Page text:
11. Nick Bloom & Stephen Dorgan & John Dowdy & John Van Reenen & Tom Rippin, 2005. "Management practices across firms and nations," LSE Research Online Documents on Economics 4669, London School of Economics and Political Science, LSE Library.
  12. Ichniowski, Casey & Shaw, Kathryn & Prennushi, Giovanna, 1997. "The Effects of Human Resource Management Practices on Productivity: A Study of Steel Finishing Lines," American Economic Review, American Economic Association, vol. 87(3), pages 291-313, June.
  13. Rachel Griffith, 1999. "Using the ARD establishment level data to look at foreign ownership and productivity in the UK," IFS Working Papers W99/06, Institute for Fiscal Studies.
  14. Charles F. Manski, 2004. "Measuring Expectations," Econometrica, Econometric Society, vol. 72(5), pages 1329-1376, 09.
  15. James Levinsohn & Amil Petrin, 2000. "Estimating Production Functions Using Inputs to Control for Unobservables," NBER Working Papers 7819, National Bureau of Economic Research, Inc.
  16. Peter Cappelli & David Neumark, 2001. "Do "high-performance" work practices improve establishment-level outcomes?," Industrial and Labor Relations Review, ILR Review, Cornell University, ILR School, vol. 54(4), pages 737-775, July.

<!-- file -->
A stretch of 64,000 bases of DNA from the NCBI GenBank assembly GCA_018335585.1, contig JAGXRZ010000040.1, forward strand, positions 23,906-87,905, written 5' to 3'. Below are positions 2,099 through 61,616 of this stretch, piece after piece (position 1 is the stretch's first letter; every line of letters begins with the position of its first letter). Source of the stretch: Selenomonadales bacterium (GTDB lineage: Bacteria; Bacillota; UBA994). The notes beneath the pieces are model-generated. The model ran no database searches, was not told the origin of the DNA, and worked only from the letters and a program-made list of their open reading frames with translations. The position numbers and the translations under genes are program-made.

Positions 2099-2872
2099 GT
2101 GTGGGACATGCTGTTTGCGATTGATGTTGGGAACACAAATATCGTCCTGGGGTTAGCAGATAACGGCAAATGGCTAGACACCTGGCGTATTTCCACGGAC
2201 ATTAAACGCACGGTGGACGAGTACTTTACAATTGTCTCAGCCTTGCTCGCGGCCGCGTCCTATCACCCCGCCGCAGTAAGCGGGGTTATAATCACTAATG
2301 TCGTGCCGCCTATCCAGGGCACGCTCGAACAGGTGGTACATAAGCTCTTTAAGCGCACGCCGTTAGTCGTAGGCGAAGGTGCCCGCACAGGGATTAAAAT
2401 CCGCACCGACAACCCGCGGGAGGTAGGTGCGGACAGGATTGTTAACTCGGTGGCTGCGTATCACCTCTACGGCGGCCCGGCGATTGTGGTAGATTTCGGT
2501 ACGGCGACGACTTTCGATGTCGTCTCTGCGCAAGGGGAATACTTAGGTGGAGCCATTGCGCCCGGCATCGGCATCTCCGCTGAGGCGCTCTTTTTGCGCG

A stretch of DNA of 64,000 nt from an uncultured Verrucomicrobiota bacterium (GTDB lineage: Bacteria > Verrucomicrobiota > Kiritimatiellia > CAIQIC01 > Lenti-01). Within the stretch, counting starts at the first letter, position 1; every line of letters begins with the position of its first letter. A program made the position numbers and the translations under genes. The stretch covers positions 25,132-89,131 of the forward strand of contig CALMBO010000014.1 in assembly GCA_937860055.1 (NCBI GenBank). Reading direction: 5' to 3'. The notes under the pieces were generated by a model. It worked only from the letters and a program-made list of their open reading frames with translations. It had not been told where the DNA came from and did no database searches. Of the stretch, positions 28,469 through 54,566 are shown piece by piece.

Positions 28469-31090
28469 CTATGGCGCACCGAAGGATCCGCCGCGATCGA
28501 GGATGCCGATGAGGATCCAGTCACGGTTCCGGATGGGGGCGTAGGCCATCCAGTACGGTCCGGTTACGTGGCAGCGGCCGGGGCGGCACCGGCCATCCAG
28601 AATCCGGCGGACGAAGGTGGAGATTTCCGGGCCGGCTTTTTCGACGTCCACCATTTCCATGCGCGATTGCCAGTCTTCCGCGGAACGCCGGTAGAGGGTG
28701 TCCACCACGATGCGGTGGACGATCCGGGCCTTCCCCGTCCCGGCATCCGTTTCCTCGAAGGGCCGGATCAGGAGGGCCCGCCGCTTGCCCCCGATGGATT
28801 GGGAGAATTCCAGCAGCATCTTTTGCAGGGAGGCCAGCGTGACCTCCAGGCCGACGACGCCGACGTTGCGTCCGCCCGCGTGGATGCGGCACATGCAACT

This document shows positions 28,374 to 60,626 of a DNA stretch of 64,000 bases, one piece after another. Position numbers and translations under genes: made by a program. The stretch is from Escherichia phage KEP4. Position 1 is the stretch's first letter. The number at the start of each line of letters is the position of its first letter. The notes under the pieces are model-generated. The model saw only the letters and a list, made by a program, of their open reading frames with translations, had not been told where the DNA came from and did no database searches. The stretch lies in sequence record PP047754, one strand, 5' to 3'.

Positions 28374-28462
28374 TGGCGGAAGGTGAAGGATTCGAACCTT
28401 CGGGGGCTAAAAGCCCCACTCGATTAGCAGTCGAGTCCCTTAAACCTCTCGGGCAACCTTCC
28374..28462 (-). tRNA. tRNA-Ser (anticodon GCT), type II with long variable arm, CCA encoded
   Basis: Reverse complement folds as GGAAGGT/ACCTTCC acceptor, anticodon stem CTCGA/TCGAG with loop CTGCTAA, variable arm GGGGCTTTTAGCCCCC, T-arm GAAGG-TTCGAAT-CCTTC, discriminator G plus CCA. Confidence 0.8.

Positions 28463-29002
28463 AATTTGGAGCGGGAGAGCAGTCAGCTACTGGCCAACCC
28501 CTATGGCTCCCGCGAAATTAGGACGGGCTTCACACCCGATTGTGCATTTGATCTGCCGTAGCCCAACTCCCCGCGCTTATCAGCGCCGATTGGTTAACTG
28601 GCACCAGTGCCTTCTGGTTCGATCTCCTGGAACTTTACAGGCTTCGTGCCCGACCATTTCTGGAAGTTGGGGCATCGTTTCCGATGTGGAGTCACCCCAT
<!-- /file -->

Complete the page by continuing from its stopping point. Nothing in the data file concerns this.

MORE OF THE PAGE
17. Ralf Martin, 2005. "Productivity Dispersion, Competition and Productivity Measurement," CEP Discussion Papers dp0692, Centre for Economic Performance, LSE.
  18. Christensen, Laurits R & Greene, William H, 1976. "Economies of Scale in U.S. Electric Power Generation," Journal of Political Economy, University of Chicago Press, vol. 84(4), pages 655-76, August.
  19. Ann Bartel & Casey Ichniowski & Kathryn Shaw, 2007. "How Does Information Technology Affect Productivity? Plant-Level Comparisons of Product Innovation, Process Improvement, and Worker Skills," The Quarterly Journal of Economics, MIT Press, vol. 122(4), pages 1721-1758, November.
  20. James Levinsohn & Amil Petrin, 2003. "Estimating Production Functions Using Inputs to Control for Unobservables," Review of Economic Studies, Oxford University Press, vol. 70(2), pages 317-341.